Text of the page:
I was only just recently introduced to the work of Olga de Amaral, a Colombian textile artist, who since the 1950s, has been weaving the most breathtaking works of art. What immediately caught my eye was de Amaral’s use of color and texture, but a deeper look into the artist’s inspirations reveals a deep spiritual quality that deftly ties together her cultural heritage and surrounding landscape.
De Amaral was trained in architectural drawing at the Colegio Mayor de Cundinamarca in Bogotà, where she learned the principles of perspective, logic, and mathematical order. However, it was not until she enrolled at Cranbook Academy of Arts in 1954 that the artist began to apply these principles to weaving. Upon her return to Colombia the following year de Amaral was unable obtain the materials to which she had become accustomed in the United States, leading the artist to rediscover the local peasant looms that recalled the ancient fiber and textile processes of her ancestors.
Strengthening these ties with her native culture, De Amaral also began to experiment with virgin wool, pita fiber, luffa, tire, and colors obtained directly from her surroundings. The resulting works also came to reflect her native Colombia. De Amaral created a series of woven wall, influenced by her love of adobe walls. The thick matted quality found in many of her textiles is reminiscent of the old plaster covering the Colombian countryside homes she explored as a child. The patchwork quality of other works is derivative of the quilts her mother made out of men’s ties.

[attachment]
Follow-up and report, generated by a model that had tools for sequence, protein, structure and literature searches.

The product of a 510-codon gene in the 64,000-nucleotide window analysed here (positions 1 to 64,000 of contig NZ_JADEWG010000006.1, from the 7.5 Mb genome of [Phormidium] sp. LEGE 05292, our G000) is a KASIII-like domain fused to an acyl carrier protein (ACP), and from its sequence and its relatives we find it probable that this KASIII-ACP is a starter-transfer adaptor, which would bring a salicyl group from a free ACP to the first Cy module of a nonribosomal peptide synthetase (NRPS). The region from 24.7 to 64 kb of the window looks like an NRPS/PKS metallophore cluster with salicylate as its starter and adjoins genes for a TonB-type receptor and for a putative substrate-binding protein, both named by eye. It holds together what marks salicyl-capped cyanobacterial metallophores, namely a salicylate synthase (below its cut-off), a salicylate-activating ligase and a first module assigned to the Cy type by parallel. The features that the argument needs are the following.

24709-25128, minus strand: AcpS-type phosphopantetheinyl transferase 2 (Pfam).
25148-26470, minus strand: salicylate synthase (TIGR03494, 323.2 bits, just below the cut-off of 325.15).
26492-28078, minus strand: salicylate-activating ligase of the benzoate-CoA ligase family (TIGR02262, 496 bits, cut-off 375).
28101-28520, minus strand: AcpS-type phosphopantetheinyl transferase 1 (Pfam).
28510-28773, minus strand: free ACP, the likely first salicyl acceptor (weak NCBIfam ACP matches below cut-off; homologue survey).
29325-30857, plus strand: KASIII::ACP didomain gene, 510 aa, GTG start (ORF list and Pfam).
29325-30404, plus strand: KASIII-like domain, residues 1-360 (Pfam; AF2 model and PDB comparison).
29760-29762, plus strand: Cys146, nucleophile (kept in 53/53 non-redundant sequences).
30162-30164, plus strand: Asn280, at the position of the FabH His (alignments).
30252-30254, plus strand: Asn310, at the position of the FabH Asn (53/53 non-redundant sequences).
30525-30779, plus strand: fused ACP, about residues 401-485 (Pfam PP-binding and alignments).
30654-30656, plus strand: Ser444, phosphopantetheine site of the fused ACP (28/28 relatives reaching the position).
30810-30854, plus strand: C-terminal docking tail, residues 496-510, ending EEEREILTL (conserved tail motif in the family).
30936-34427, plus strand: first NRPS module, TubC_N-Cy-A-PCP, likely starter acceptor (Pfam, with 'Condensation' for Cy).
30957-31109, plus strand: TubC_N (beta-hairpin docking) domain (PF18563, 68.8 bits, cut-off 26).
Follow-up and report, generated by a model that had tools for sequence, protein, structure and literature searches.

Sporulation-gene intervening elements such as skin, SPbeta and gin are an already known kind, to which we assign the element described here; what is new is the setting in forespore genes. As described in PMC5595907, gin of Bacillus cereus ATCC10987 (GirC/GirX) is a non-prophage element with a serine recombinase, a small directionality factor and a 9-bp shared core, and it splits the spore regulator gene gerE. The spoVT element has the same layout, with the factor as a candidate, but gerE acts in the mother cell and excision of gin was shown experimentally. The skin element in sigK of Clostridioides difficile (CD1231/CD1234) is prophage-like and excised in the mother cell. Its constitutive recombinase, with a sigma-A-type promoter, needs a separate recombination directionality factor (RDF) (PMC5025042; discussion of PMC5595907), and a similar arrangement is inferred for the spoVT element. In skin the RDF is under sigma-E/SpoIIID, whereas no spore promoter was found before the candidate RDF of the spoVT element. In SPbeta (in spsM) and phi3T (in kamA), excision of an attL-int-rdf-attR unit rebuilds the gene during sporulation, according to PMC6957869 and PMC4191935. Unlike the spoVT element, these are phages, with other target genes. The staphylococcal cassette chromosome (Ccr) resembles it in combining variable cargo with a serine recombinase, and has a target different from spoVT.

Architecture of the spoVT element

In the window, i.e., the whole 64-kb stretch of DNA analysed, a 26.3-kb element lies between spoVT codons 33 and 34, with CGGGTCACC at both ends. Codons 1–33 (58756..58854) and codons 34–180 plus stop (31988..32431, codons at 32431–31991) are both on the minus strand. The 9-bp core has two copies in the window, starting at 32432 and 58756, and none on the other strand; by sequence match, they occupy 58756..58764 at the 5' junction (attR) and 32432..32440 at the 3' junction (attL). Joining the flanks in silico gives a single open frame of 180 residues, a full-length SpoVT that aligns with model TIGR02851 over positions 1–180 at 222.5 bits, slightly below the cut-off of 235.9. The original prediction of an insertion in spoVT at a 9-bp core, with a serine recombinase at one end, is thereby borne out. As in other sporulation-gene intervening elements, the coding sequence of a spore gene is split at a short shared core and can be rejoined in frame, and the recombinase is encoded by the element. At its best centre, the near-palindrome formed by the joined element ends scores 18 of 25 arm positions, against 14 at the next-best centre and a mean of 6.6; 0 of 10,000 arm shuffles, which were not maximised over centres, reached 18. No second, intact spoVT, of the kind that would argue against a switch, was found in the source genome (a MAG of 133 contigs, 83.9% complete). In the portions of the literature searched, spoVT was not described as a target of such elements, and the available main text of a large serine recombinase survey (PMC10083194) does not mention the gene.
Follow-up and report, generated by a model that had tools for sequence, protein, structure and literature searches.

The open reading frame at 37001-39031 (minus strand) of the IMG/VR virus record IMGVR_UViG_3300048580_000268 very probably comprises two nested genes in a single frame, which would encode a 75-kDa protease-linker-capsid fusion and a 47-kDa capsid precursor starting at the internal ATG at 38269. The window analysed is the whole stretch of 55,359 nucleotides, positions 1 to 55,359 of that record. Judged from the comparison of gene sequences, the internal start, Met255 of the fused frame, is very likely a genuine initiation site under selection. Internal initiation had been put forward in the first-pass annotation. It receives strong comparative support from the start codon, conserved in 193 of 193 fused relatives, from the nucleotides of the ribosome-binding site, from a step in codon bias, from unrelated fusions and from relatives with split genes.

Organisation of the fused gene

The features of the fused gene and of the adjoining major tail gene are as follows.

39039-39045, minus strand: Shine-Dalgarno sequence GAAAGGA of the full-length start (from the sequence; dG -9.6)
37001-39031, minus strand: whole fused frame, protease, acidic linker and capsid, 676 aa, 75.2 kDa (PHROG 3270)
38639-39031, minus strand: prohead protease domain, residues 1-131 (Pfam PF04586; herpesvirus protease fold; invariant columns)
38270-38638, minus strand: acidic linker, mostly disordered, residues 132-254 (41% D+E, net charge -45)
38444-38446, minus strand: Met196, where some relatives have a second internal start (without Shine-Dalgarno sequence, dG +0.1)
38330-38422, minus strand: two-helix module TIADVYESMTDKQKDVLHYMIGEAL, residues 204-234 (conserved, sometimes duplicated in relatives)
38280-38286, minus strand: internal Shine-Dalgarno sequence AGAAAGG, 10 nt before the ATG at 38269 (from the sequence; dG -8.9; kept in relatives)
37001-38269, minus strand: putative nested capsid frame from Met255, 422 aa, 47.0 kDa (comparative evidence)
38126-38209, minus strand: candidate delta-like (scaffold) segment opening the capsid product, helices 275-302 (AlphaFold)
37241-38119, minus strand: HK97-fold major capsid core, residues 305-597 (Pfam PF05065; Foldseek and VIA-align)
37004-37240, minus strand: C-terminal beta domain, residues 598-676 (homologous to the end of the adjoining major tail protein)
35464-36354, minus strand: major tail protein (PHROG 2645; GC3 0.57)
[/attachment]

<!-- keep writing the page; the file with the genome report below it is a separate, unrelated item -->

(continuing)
The influx of gold seen in her later pieces were inspired by a trip to Popayan, Colombian, where she was struck by the spirituality of the golden artifacts from Spanish churches.
The knotted features of work was the direct influence of the time she spent exploring Machu Pichu, Peru, and learned about quipos (a system of annotation and memory based on fiber composition, colors, and knots).
While Olga de Amaral’s work is greatly influenced by peasant life, Native American culture, and Latin heritage, the artist simultaneously relating it to the contemporary art growing around her. More obviously connections are to fiber artists Eva Hesse and Sheila Hicks. However, one can see the influence of Yves Klein’s Monogolds in de Amaral’s golden tapestries. The artist’s metallic surfaces are also reminiscent of Lucio Fontana while the dense, abstract surfaces and lack of mimetic imagery of de Amaral’s pieces also recall Mark Rothko.
Olga de Amaral is exhibited internationally and her works can be found in such prestigious collections as MoMA, Metropolitan Museum of Art, Art Institute of Chicago, Kyoto Museum of Modern Art, and Musée de l’art moderne de la ville de Paris.